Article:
This Court respectfully disagrees with the Hofts court’s application of the Rule 8 pleading standard. . . .  This Court finds the Hofts court unusually lax in its application of the standard.  In assessing the sufficiency of pleadings, district courts should not take conclusory allegations as true but must require factual support for any legal conclusions offered in pleadings.  Requiring such factual enhancement does not constitute a heightened pleading standard; it is the basic pleading standard established in Rule 8 as interpreted in [TwIqbal].  Without factual allegations supporting inferences of the defendant’s liability and the plaintiff’s right to relief, pleadings fail to provide adequate notice of the grounds upon which the plaintiff’s claim rests.  In Hofts, the district court relaxed the facial plausibility standard out of existence with respect to the plaintiff’s allegations that the defendant violated federal requirements.  This Court declines to adopt that approach in the context of this case.

This Court also respectfully disagrees with the Hofts court’s approach to the breach of implied warranty claim, where the court placed the burden on the defendant to show that the claim imposed standards different from applicable federal requirements.  Rule 8 places the burden of pleading a plausible claim for relief and the grounds for this claim on the claimant. . . .  This Court agrees with the majority of federal courts in holding, post-Riegel, that the facial plausibility standard applies to the pleading of a federal violation in this context and requires facts indicating noncompliance with federal requirements on the manufacture of the device.

2012 WL 3692396, at *13

The plaintiffs in Ali made a premature demand for discovery before meeting their Rule 8 pleading requirements.  The court had none of it, finding that request to be “precisely the sort of fishing expedition the Supreme Court [in TwIqbal] sought to avoid in requiring the plaintiff to plead facts demonstrating their entitlement to relief and the defendant’s liability.”  Id. at *14.

Ali also followed the majority rule on preemption of express warranty claims.  If they impose duties on the purported warrantor that differ from or add to federal requirements, if they challenge the safety and effectiveness of the PMA device, or if they challenge the manufacturer’s FDA-approved labeling, express warranty claims are preempted.  Id. at *15.  The only way am express warranty claim survives is when there are allegations “based on representations made by the manufacturer about the device that was not approved by the FDA.”  Id. at *16.  The plaintiff didn’t plead anything of the sort, so the express warranty claims were also dismissed.  Id.

We’ve also collected cases holding that consumer fraud claims involving drugs and medical devices fail under “regulated activity” safe harbor provisions in the relevant state statutes.  Ali is another such case:

By its own terms, however, the VCPA does not apply to “[a]ny aspect of a consumer transaction which aspect is authorized under laws or regulations of this Commonwealth or the United States, or the formal advisory opinions of any regulatory body or official of this Commonwealth or the United States.” Va. Code Ann. §59.1-199(A).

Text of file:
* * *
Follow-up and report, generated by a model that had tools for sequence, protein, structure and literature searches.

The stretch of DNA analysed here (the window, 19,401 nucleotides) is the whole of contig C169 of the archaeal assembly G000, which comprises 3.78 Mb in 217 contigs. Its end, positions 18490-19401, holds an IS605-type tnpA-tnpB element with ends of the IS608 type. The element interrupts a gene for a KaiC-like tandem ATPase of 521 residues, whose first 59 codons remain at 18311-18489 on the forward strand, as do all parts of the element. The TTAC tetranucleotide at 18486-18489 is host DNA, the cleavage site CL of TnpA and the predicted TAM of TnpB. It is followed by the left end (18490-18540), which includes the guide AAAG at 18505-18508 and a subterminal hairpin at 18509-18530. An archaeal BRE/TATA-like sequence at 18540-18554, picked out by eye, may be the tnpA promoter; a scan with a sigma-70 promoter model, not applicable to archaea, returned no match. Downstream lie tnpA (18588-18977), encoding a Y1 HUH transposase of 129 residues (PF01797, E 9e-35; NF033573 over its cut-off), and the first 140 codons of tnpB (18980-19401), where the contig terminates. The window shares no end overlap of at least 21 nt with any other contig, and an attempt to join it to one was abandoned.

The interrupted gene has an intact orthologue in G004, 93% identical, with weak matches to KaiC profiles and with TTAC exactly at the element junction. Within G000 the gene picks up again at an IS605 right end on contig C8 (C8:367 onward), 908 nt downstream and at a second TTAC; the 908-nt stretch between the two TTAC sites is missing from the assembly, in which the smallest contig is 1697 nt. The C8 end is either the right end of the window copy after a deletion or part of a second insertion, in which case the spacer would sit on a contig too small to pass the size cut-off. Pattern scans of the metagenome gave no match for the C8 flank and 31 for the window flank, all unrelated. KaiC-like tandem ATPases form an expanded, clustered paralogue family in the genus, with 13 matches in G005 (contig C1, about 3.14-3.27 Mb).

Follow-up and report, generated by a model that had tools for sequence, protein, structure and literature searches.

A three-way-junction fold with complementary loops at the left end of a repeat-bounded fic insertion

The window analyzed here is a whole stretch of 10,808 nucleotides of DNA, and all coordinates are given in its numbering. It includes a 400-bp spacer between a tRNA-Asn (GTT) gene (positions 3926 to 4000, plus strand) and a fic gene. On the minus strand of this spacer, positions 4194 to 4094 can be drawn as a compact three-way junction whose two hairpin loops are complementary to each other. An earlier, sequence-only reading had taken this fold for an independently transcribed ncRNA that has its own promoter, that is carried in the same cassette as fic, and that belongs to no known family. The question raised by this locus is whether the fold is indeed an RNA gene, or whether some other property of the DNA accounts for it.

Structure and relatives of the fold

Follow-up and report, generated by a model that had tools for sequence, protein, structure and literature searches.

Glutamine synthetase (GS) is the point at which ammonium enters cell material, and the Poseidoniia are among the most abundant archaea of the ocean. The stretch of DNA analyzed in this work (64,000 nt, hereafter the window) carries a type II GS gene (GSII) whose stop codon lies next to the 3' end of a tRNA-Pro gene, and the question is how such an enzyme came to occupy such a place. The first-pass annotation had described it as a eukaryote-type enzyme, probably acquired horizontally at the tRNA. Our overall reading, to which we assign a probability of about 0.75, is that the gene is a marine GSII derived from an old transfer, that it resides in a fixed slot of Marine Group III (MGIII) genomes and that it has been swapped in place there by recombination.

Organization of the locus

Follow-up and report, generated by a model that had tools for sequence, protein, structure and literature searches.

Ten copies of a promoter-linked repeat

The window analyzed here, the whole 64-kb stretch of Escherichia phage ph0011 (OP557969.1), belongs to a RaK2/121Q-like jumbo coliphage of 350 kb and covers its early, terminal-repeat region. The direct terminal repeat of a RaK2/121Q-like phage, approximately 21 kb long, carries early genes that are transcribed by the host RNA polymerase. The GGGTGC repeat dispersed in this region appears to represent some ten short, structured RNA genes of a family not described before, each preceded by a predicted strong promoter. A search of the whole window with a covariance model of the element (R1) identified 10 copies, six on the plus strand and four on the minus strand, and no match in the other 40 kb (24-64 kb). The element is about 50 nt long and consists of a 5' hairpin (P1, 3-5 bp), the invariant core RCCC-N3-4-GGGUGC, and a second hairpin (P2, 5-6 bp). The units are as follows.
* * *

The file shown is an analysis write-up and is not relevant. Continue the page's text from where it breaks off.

Plaintiffs’ VCPA claim fails because it challenges conduct that is expressly excluded from the scope of the VCPA.  Plaintiffs base their VCPA cause of action on representations made by [defendant] . . . in advertisements and other marketing materials concerning the safety and effectiveness of the device.  Representations about the [PMA-approved device] in marketing materials for the device are authorized and regulated by the FDA under federal law.  The VCPA, therefore, does not apply to it and therefore no action challenging [defendant’s] marketing practices . . . may be brought under the VCPA.

2012 WL 3692396, at *19.  Gotta love it.  Ali is the greatest.

Prescription Drugs in Texas − You Can’t Get There from Here

We’re somewhat less enamored with Romero v. Wyeth, C.A. No. 1:03-cv-13467, slip op. (E.D. Tex. Aug. 31, 2012), sent to us by Janelle Davis of Thompson & Knight, although we must admit Romero does have its moments.

Romero evaluates a variety of claims purportedly arising under Texas law, in the wake of the big win in Centocor, Inc. v. Hamilton, ___ S.W.3d ___, 2012 WL 2052783 (Tex. June 8, 2012).  On the good side of the ledger, the court throws out all of the usual bread & butter claims in prescription drug product liability litigation − those involving failure to warn (specifically misrepresentation, fraud, negligence, misrepresentation, gross negligence, and consumer fraud).  The Texas statutory presumption of adequacy of FDA-approved warnings controlled, no matter what form the defendant’s information took:

“[I]f a claim is based upon a product’s labeling, its omissions, or inaccuracies, it falls under this purview of the [statutory presumption]. . . .  [Plaintiff] seeks to distinguish failure to warn claims based upon a drug manufacturer’s statements in a warning label from those premised on other representations contained, for example, in promotional and marketing materials. . . .  Because [plaintiff] cites no other authority [besides the lower court decision reversed in Centocor] for the proposition that [the statute’s] provisions should be so strictly applied, the court declines to make such a determination here.  Accordingly, whether [plaintiff’s] failure to warn claims are based on statements made in [defendant’s] labeling or promotional materials, they fall within the purview of [the statutory presumption of adequacy].

Romero, slip op. at 5.

That’s the good part of Romero. The parts responsible for our “you can’t get there from here” comment then follow.  For one thing the court allows a naked failure to test claim to continue.  Abundant precedent, including controlling precedent under Texas law, holds that “failure to test” isn’t a free-standing cause of action.  The Texas Supreme Court dealt with such a claim in American Tobacco Co., Inc. v. Grinnell, 951 S.W.2d 420 (Tex. 1997), twice holding “failure to test” to be “inextricably intertwined” with failure to warn, and rising or falling with it: